Robert G. Smith, PLLC
212-499-0940

How businesses may be treated in a divorce

As New York residents may know, some divorces are more complicated than others. Business owners may be faced with additional issues during the property division phase. Some might be mistakenly under the impression that the business is held apart from the divorce settlement, but in fact they are treated in many ways the same as other assets.

Courts will take into account if the business was started and maintained by only one of the parties before the couple wed. Circumstances might change if an ex-spouse was employed in the business in some capacity.

It may be a good idea to retain an attorney early on during a divorce. In order to split assets fairly, particularly if it includes a business, it might require mediation to reach an equitable agreement. Because businesses generate income and may provide support for an ex-spouse, it is unlikely that a judge might want to remove any assets from the business or force its sale. In addition, owners should be wary of firing their employed spouses, as this could lead to a wrongful termination lawsuit.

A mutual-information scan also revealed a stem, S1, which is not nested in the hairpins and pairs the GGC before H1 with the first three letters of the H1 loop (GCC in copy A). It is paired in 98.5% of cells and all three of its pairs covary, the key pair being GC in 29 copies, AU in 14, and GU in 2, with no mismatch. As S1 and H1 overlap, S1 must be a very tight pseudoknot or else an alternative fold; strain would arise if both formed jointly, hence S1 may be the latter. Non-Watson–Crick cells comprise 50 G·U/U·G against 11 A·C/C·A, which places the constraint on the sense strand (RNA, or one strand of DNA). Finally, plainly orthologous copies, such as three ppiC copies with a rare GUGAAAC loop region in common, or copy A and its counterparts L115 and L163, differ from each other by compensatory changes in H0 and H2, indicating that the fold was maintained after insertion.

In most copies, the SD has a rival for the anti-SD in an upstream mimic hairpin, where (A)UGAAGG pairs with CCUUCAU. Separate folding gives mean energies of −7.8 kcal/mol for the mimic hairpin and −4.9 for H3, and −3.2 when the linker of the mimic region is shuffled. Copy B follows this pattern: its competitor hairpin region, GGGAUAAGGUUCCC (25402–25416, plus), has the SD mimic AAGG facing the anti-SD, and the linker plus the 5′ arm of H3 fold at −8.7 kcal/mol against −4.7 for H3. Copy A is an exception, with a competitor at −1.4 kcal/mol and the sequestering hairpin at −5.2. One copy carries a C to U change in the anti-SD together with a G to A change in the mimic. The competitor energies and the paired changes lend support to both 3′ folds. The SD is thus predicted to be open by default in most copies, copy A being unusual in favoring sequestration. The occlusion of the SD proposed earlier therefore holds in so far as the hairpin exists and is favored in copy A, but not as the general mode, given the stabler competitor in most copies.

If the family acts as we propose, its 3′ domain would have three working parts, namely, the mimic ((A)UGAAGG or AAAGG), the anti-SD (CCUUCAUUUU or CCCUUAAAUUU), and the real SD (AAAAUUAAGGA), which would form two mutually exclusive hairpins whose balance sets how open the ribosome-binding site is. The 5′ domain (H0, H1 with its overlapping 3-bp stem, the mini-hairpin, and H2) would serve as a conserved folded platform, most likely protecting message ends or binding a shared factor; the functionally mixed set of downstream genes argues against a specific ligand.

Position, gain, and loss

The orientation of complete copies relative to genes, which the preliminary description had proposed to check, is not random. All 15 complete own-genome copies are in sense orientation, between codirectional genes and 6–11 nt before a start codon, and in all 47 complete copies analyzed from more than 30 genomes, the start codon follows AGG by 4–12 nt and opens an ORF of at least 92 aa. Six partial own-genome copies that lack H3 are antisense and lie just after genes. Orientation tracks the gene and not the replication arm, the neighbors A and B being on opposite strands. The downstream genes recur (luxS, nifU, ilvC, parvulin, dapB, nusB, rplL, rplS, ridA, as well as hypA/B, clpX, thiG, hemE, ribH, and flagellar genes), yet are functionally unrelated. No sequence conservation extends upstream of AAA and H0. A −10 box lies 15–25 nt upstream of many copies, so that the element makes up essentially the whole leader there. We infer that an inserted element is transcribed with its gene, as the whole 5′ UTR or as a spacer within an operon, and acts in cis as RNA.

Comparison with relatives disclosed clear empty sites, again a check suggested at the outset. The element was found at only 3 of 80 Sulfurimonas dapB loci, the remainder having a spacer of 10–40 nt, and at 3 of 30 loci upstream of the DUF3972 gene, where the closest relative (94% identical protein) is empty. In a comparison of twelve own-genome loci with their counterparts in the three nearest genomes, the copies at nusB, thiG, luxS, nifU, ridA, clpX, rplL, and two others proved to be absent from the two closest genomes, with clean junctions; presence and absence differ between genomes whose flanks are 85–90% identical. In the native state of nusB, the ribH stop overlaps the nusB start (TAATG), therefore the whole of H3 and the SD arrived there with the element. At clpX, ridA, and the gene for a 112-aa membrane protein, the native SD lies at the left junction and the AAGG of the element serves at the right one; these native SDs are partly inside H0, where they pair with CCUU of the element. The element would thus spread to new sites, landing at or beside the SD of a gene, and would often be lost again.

People who own a business and who are contemplating a divorce may want to speak with a family law attorney at the outset. As New York courts follow the principle of equitable distribution during the property division phase of divorce proceedings, judges will make their determinations on the basis of what they think is "fair". In some cases, it may be better for the attorney to attempt to negotiate a property division settlement agreement that both parties can agree to, rather than to leave the decision entirely in the hands of a judge. Although the court will have to approve the agreement, it is more likely to do so when each party has been represented by separate legal counsel during the negotiations.

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Robert G. Smith, PLLC
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New York, NY 10022

Phone: 212-499-0940
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